Water Fluoridation Can Improve Dental, Oral Health
A new health care coalition, PAFluorideNOW, cited strong public support in urging the General Assembly to pass House Bill 1649, which would require water systems with 500 or more connections to adjust the levels of naturally occurring fluoride to prevent tooth decay in Pennsylvania residents.
Currently, only about half of Pennsylvania's population is served by water systems with the optimal level of fluoride to prevent tooth decay. Sixty years of scientific study has shown fluoride prevents cavities, is safe to consume and helps control health care costs by reducing needed dental work.
"The time is now for all Pennsylvanians to receive the health benefits and disease protection that fluoride gives," said Dr. Thomas W. Gamba, President of the Pennsylvania Dental Association. "The U.S. Centers for Disease Control and Prevention has recognized fluoride as one of the 10 great public health achievements of the 20th century. Pennsylvanians in the 21st century should not have to wait any longer for this important health benefit."
PAFluorideNOW represents nearly 250 health foundations, health organizations and individuals who support fluoridated water as a method for improving the overall health of the citizens of Pennsylvania.
"Good oral health is the key to good overall health for individuals, especially children," said Russell Johnson, President and CEO of the North Penn Community Health Foundation.
"A child experiencing mouth pain cannot focus in school, eat the proper food or get the right amount of sleep. Infections in the mouth of both children and adults can affect other systems in the body. People with chronic health conditions, such as heart disease, diabetes, and hypertension can have these conditions made worse by infections in the mouth," Johnson added.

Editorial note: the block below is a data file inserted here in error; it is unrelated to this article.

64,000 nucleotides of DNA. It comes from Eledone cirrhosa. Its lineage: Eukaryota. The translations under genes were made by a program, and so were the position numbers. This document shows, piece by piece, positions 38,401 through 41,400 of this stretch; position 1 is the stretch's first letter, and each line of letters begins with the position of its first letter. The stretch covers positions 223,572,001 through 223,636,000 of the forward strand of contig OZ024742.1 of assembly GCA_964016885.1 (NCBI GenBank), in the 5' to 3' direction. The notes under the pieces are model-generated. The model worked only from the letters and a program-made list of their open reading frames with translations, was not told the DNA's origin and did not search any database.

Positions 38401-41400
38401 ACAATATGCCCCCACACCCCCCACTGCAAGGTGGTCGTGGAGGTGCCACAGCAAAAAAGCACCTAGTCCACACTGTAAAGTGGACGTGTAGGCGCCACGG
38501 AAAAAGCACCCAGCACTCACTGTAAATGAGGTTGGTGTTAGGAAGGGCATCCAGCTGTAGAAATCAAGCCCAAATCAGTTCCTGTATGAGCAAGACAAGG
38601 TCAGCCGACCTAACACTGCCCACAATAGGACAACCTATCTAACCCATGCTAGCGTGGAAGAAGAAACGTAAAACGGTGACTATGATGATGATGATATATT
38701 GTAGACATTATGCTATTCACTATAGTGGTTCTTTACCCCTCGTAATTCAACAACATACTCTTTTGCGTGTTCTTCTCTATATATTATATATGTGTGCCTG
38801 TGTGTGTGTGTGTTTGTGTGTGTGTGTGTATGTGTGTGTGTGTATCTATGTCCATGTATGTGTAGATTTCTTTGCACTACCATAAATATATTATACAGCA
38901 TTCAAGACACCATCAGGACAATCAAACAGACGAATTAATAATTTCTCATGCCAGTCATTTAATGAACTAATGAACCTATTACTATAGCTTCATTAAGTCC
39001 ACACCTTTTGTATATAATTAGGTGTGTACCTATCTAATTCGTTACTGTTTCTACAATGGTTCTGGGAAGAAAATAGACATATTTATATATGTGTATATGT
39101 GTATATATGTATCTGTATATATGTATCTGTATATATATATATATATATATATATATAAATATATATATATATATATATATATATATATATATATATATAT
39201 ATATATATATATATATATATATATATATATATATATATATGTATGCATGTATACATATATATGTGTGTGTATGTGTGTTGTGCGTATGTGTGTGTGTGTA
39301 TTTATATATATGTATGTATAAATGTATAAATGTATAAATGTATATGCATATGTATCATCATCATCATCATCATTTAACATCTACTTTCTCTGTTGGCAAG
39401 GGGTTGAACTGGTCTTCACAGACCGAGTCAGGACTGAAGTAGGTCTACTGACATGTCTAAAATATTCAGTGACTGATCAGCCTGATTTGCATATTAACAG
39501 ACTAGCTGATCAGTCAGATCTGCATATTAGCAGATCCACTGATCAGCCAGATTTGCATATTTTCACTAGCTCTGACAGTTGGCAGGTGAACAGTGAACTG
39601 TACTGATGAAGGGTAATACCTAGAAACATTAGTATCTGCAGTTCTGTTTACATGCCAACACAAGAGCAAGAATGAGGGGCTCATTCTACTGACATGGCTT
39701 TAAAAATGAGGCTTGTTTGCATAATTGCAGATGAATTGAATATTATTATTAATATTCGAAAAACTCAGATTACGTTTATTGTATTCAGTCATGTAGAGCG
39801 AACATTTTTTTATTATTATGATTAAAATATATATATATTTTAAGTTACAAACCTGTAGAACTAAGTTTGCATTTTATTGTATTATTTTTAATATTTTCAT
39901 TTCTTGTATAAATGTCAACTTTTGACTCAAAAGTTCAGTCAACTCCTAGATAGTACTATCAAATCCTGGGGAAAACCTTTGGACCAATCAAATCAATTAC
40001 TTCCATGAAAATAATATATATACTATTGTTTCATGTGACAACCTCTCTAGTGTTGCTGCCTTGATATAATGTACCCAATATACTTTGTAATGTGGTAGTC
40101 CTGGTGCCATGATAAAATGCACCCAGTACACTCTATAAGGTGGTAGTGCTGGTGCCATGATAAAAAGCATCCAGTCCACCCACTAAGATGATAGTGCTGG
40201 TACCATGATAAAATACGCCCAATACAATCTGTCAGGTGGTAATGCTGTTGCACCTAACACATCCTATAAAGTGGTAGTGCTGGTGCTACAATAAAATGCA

Early studies of fluoride showed water fluoridation reduced the amount of cavities children get in baby teeth by up to 60 percent and reduced tooth decay in permanent adult teeth by nearly 35 percent. Today, studies prove that water fluoridation continues to be effective in reducing tooth decay by 20 to 40 percent, even in an era with widespread availability of fluoride from other sources, such as fluoride toothpaste.
Optimizing the amount of fluoride in public drinking water is not expensive, and a study shows doing so actually saves a good deal of money. The average cost for a community to fluoridate its water is estimated to range from 50 cents a year per person in large communities to $3 a year per person in small communities. The Surgeon General in 2004 said an economic analysis determined that every $1 invested in fluoridation saves $38 in treatment costs.
"This is an easy way to help control health care costs, while also providing a proven community health benefit," said Rep. Stephen Barrar, Delaware County, sponsor of HB 1649. "This also helps taxpayers, who pick up the tab for the health care of low income people."
A statewide poll by Susquehanna Polling and Research shows Pennsylvanians, by a margin of 65 to 27 percent, support optimal fluoride levels in public drinking water to help prevent tooth decay. 73 percent say they would pay $3 a year to help reduce tooth decay in children and cut health care costs.